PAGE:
Bush and Musharraf’s grand illusion
By Juan Cole
Democracy for Pakistan was never the deal — and as Musharraf’s latest power grab throws his nation into turmoil, Bush will gladly go along.
Nov. 6, 2007 | In the fall of 1999, as he campaigned for the presidency, George W. Bush was asked by a reporter to name the leader of Pakistan. Bush could not. He famously replied: “The new Pakistani general, he’s just been elected — not elected, this guy took over office. It appears this guy is going to bring stability to the country, and I think that’s good news for the subcontinent.” Although Bush didn’t know Gen. Pervez Musharraf’s name and was confused as to how he got into office, the soon-to-be American president was sanguine about the anti-democratic developments in Pakistan.
More than seven years later, Bush’s illusions about Musharraf — and any illusion of democracy in Pakistan — have been shattered by the dictator’s declaration of a state of emergency. Tantamount to a coup, Musharraf’s actions on Saturday have not only thrown Pakistan into turmoil but have also revealed the hypocrisy of Bush’s foreign policy, including the proclaimed goal of fostering freedom and the rule of law in the Muslim world.
At a press conference on Monday, Bush said of the weekend coup, “We expect there to be elections as soon as possible.” But while Bush admitted that Musharraf’s actions would “undermine democracy,” he insisted that the general is “a strong fighter” in the war on terror. That dual message was accompanied by the American president tepidly declining to say what he would do if Musharraf did not move toward elections. Also revealing was the fact that Bush had sent the weakest member of his team, Secretary of State Condoleezza Rice, out to warn Musharraf against the coup, indicating how little he was in reality worried about it. If he had been deeply anxious, he would have called the general himself. Many observers are viewing Musharraf’s coup as a major setback for Bush’s policy, but in fact it changes almost nothing.
Although the United States has given some $11 billion to Pakistan (mostly in military aid) since 2001, Bush needs Musharraf more than Musharraf needs the United States. The war in Afghanistan is a key reason: A major proportion of the war materiel for the 20,000 U.S. troops, and additional 20,000 NATO troops, in Afghanistan (a landlocked country) goes through Pakistan. U.S., British and Canadian troops on the front lines fighting a Taliban resurgence could be endangered if Pakistan were to cut off the flow of those supplies. On Monday, Rice appeared to back off from earlier warnings to Pakistan that a coup would jeopardize U.S. aid, saying that she doubted cooperation on the war on terror would be affected by Musharraf’s actions.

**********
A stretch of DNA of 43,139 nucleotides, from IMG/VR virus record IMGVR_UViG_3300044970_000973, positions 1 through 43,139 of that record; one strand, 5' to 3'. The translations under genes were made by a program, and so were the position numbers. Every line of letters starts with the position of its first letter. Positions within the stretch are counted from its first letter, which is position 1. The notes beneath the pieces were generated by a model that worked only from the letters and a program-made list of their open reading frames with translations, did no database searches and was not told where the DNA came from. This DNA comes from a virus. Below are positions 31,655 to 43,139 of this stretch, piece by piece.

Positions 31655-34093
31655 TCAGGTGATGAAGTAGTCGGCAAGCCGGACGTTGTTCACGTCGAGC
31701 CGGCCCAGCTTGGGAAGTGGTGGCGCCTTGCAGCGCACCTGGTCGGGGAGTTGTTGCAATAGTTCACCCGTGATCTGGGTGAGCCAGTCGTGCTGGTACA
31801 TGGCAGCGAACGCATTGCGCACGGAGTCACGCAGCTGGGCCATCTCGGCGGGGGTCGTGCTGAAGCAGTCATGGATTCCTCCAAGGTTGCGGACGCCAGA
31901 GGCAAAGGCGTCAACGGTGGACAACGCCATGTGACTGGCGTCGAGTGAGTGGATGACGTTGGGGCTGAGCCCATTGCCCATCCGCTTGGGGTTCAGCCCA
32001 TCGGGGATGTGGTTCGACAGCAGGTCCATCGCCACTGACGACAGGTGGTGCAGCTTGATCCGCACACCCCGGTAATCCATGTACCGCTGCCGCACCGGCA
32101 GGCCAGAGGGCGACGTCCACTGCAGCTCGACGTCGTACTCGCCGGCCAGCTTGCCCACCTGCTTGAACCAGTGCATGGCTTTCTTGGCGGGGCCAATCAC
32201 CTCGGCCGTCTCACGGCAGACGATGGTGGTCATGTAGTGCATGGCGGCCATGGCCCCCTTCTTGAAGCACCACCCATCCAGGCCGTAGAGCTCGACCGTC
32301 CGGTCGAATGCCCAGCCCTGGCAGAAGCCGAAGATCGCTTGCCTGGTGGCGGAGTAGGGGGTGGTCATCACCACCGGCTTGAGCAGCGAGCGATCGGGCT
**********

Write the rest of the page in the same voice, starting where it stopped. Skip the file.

Musharraf, who was brought up in part in Turkey and is representative of the secular stratum of Pakistan’s middle class, is the Bush administration’s ideal ally. They point to his successes: Musharraf has moved a lot of fundamentalist officers out of positions of power, removing them from any authority over the country’s stockpile of nuclear bombs. Under his rule, Pakistani military intelligence has captured nearly 700 al-Qaida operatives in that country, including high-value figures such as Khalid Sheikh Muhammad, the mastermind of the Sept. 11 attacks. And Pakistani cooperation was key in breaking up a plot in summer 2006 by Britons of Pakistani heritage to blow up airplanes flying from London to New York.
But the 1999 interview revealed Bush’s true stripes regarding the Pakistani dictator, and his knee-jerk support for authoritarianism over democracy. Bush was criticized then for applauding the overthrow of the democratically elected Nawaz Sharif government in the Oct. 12, 1999, military coup. His spokesperson at the time, Karen Hughes, said that Bush was encouraged by Musharraf’s promise that he would hold early elections, restore “stability” to Pakistan, and ease tensions between India and Pakistan. (In fact, Musharraf had been a notorious hawk on India and may in part have carried out the coup because he saw his civilian predecessor as too dovish toward New Delhi.) What the world did not then know was that President Bill Clinton had negotiated a deal not long before with Prime Minister Sharif whereby Pakistan would deploy special operations troops to capture Osama bin Laden. When Musharraf took power in fall of 1999, he refused to honor the deal, since the operation was unpopular with the military’s fundamentalist officers. Indeed, Bush was supporting a man who derailed the best chance the Clinton administration may have had to prevent Sept. 11.
Bush went on, of course, to talk a good game as president about democratizing the Middle East, but that never appears to have been more than a cover story for his projection of American power into the region. And now he is standing by Musharraf as the latter dismantles the façade of civil society institutions in Pakistan.
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